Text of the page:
Agusta-Bell AB.102

Summary

The Agusta AB.102 was an Italian helicopter produced in small numbers in the early 1960s. The aircraft was based on the mechanical components of a Bell 48 that Agusta incorporated into an all-new, streamlined fuselage. The first flight was on 3 February 1959 and the prototype was exhibited at that year's Paris Air Show in faux military colours. Only two production examples were built, operated by Elivie in a regular air service between Turin and Milan from 1961. However, the advent of turbine-powered helicopters in the 1960s soon rendered the AB.102 obsolete.

AB.102
Agusta-Bell AB.102.jpg
Role Utility helicopter
Manufacturer Agusta
First flight 3 February 1959
Introduction 1961
Primary user Elivie
Number built 3
Developed from Bell 48

OperatorsEdit

  Italy

SpecificationsEdit

Data from Jane's All The World's Aircraft 1961–62[3]

General characteristics

  • Crew: 1
  • Capacity:
    • 7–9 passengers or
    • 4 stretchers and 1 attendant or
    • 880 kg (1,940 lb) cargo
  • Length: 12.73 m (41 ft 9 in) (fuselage length); Overall length 17.92 m (58 ft 10 in)
  • Height: 3.23 m (10 ft 7 in)
  • Empty weight: 1,810 kg (3,990 lb)
  • Gross weight: 2,725 kg (6,008 lb)
  • Max takeoff weight: 3,025 kg (6,669 lb)
  • Powerplant: 1 × Pratt & Whitney R-1340-S1H4 radial engine, 450 kW (600 hp)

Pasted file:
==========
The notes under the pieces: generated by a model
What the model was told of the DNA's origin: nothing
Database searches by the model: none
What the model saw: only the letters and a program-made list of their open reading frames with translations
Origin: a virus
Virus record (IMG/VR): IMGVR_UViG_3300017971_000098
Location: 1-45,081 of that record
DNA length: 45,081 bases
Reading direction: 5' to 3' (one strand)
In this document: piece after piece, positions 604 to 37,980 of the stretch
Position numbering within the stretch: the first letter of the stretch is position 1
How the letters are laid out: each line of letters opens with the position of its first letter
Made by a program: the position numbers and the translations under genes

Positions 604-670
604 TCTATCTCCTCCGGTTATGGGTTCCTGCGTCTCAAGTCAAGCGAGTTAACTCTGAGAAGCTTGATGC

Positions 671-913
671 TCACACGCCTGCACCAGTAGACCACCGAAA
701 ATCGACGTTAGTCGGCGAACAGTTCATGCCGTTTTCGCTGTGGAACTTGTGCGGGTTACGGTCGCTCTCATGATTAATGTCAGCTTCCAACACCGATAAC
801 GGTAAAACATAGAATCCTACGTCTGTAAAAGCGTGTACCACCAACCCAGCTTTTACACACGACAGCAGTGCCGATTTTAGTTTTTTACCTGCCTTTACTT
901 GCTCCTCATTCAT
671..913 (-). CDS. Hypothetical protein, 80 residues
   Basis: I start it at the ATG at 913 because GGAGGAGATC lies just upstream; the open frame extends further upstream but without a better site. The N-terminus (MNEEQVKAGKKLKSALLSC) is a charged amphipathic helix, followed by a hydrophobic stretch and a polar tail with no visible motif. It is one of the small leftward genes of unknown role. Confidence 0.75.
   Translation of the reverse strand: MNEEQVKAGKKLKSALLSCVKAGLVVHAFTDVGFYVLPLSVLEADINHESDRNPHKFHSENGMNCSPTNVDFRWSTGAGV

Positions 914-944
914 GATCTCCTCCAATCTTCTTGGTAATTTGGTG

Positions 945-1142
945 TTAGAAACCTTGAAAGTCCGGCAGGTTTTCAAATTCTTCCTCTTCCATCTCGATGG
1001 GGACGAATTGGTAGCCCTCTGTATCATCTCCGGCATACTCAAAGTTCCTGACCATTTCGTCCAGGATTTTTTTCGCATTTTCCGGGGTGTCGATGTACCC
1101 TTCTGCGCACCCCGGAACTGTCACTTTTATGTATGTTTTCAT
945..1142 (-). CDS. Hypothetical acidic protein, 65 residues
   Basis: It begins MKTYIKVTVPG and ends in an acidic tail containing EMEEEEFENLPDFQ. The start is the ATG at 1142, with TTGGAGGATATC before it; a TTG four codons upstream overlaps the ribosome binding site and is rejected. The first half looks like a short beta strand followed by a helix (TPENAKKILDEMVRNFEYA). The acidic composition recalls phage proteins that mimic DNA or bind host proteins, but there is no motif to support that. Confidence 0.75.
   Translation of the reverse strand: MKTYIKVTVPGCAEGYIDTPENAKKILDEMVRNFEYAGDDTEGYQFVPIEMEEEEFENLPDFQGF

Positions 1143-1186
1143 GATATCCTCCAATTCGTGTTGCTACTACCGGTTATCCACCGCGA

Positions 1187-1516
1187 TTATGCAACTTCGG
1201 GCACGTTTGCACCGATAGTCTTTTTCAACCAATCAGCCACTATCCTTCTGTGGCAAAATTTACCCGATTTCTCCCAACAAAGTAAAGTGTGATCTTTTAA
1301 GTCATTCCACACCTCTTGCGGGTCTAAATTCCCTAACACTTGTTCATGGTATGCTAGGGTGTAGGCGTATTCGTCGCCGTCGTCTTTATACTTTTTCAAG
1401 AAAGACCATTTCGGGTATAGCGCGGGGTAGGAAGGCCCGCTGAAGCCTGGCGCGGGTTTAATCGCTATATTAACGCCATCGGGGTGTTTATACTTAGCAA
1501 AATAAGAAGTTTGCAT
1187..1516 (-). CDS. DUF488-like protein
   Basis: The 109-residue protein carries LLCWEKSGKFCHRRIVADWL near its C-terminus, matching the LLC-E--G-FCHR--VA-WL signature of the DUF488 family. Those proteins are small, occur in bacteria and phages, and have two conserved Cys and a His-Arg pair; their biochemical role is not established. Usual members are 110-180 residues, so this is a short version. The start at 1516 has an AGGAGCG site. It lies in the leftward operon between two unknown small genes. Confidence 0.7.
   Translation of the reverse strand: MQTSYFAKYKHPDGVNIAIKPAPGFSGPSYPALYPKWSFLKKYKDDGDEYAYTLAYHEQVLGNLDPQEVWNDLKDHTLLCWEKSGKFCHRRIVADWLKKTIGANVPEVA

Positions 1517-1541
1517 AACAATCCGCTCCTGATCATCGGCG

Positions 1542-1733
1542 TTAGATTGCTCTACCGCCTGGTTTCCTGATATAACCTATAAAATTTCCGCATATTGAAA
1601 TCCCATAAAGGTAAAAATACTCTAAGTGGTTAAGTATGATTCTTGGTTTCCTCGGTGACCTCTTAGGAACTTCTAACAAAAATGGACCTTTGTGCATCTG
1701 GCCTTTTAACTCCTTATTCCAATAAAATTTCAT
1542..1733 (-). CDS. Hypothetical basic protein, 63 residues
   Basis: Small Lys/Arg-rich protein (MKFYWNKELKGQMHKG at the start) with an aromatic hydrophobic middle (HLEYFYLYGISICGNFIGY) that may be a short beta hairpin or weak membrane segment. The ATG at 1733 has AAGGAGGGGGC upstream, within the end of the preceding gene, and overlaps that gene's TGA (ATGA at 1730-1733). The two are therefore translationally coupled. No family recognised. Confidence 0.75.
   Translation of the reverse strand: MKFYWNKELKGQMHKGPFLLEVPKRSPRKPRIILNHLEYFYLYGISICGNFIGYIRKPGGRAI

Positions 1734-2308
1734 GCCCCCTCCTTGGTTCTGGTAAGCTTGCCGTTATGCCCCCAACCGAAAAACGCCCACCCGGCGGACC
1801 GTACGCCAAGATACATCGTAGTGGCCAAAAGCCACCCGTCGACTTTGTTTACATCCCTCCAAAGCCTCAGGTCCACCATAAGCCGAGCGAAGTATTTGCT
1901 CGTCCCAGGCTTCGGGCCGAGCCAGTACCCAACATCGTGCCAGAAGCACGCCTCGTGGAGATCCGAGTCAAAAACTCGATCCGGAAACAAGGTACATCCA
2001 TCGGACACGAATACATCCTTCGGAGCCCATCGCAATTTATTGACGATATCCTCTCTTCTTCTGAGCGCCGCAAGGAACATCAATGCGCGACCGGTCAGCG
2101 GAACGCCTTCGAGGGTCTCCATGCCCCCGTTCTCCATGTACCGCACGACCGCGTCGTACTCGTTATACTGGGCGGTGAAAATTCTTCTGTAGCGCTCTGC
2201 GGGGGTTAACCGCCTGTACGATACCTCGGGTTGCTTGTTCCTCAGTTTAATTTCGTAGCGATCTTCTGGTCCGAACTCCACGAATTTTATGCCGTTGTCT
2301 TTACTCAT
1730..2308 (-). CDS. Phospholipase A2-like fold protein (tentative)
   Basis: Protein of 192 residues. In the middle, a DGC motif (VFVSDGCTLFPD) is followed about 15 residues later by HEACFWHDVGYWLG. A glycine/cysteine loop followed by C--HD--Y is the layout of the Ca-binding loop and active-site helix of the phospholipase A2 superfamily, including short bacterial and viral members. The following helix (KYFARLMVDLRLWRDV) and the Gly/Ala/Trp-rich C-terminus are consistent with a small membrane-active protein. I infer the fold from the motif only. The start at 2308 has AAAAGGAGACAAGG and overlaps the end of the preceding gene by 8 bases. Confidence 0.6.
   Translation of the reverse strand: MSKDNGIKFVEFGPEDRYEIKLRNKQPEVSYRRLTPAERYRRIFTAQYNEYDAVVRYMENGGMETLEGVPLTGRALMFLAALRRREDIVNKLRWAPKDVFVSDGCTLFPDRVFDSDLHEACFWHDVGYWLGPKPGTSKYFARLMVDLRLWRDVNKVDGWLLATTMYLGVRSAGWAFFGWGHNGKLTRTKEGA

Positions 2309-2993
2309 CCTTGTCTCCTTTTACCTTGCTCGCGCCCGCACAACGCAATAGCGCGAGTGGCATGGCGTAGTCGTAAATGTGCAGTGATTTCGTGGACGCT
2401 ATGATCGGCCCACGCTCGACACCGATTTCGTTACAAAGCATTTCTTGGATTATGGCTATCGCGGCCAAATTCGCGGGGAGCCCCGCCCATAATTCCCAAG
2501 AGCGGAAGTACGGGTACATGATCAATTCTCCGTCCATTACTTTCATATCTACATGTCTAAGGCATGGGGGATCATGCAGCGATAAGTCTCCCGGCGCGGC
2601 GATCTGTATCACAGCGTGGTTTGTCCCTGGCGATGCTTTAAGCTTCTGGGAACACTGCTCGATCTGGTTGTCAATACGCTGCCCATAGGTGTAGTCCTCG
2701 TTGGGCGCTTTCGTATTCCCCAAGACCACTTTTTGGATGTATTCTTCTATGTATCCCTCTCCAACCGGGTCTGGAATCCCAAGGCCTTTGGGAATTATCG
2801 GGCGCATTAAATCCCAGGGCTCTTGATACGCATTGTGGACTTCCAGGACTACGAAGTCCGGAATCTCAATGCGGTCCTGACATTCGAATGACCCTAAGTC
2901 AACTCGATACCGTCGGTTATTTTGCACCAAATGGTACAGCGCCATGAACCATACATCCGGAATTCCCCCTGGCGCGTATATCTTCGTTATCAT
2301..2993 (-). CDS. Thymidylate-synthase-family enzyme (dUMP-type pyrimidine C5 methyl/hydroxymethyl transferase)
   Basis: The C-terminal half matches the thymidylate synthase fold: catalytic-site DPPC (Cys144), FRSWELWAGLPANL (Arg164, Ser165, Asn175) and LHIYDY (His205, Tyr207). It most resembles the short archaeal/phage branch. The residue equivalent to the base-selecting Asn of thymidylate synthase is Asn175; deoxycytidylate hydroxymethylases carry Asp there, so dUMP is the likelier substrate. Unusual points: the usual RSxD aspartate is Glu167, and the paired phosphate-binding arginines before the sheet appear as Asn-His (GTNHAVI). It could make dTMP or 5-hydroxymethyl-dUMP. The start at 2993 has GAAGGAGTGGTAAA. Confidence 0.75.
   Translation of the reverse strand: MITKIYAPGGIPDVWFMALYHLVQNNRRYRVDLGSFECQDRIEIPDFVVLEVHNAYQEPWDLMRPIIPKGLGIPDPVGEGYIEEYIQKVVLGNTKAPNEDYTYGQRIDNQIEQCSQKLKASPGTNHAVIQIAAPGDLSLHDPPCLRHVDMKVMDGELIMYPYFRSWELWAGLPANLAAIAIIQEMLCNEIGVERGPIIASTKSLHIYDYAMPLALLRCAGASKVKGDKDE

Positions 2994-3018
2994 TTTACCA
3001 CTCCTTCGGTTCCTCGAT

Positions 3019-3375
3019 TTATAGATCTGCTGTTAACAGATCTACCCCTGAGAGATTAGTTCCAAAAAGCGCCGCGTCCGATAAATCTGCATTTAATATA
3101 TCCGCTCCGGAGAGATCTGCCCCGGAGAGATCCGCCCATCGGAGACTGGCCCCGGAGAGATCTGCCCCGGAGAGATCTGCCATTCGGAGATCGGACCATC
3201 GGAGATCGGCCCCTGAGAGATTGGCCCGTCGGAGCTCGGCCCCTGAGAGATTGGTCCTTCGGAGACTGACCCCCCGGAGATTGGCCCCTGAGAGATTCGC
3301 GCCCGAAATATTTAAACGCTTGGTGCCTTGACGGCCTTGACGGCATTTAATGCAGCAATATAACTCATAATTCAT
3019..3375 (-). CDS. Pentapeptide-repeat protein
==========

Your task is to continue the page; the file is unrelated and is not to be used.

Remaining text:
• Main rotor diameter: 14.50 m (47 ft 7 in)
  • Main rotor area: 165.1 m2 (1,777 sq ft)

Performance

  • Maximum speed: 174 km/h (108 mph, 94 kn) at sea level
  • Cruise speed: 160 km/h (99 mph, 86 kn) at 600 m (1,970 ft) (best range speed)
  • Range: 350 km (220 mi, 190 nmi) with 7 passengers and 115 kg (254 lb) baggage
  • Endurance: 3 hr 20 min
  • Service ceiling: 3,900 m (12,800 ft)
  • Rate of climb: 5.6 m/s (1,100 ft/min)

See alsoEdit

Related development

ReferencesEdit

  1. ^ "WORLD AIRLINE SURVEY 1963". flightglobal.com. Retrieved 18 October 2014.
  2. ^ "World Helicopter Market 1967". flightglobal.com. Retrieved 18 October 2014.
  3. ^ Taylor 1961, p. 98.
  • Taylor, John W. R. (1961). Jane's All The World's Aircraft 1961–62. London: Sampson Low, Marston & Company.
  • Taylor, Michael J. H. (1989). Jane's Encyclopedia of Aviation. London: Studio Editions. p. 40.
  • Simpson, R. W. (1998). Airlife's Helicopters and Rotorcraft. Ramsbury: Airlife Publishing. p. 36.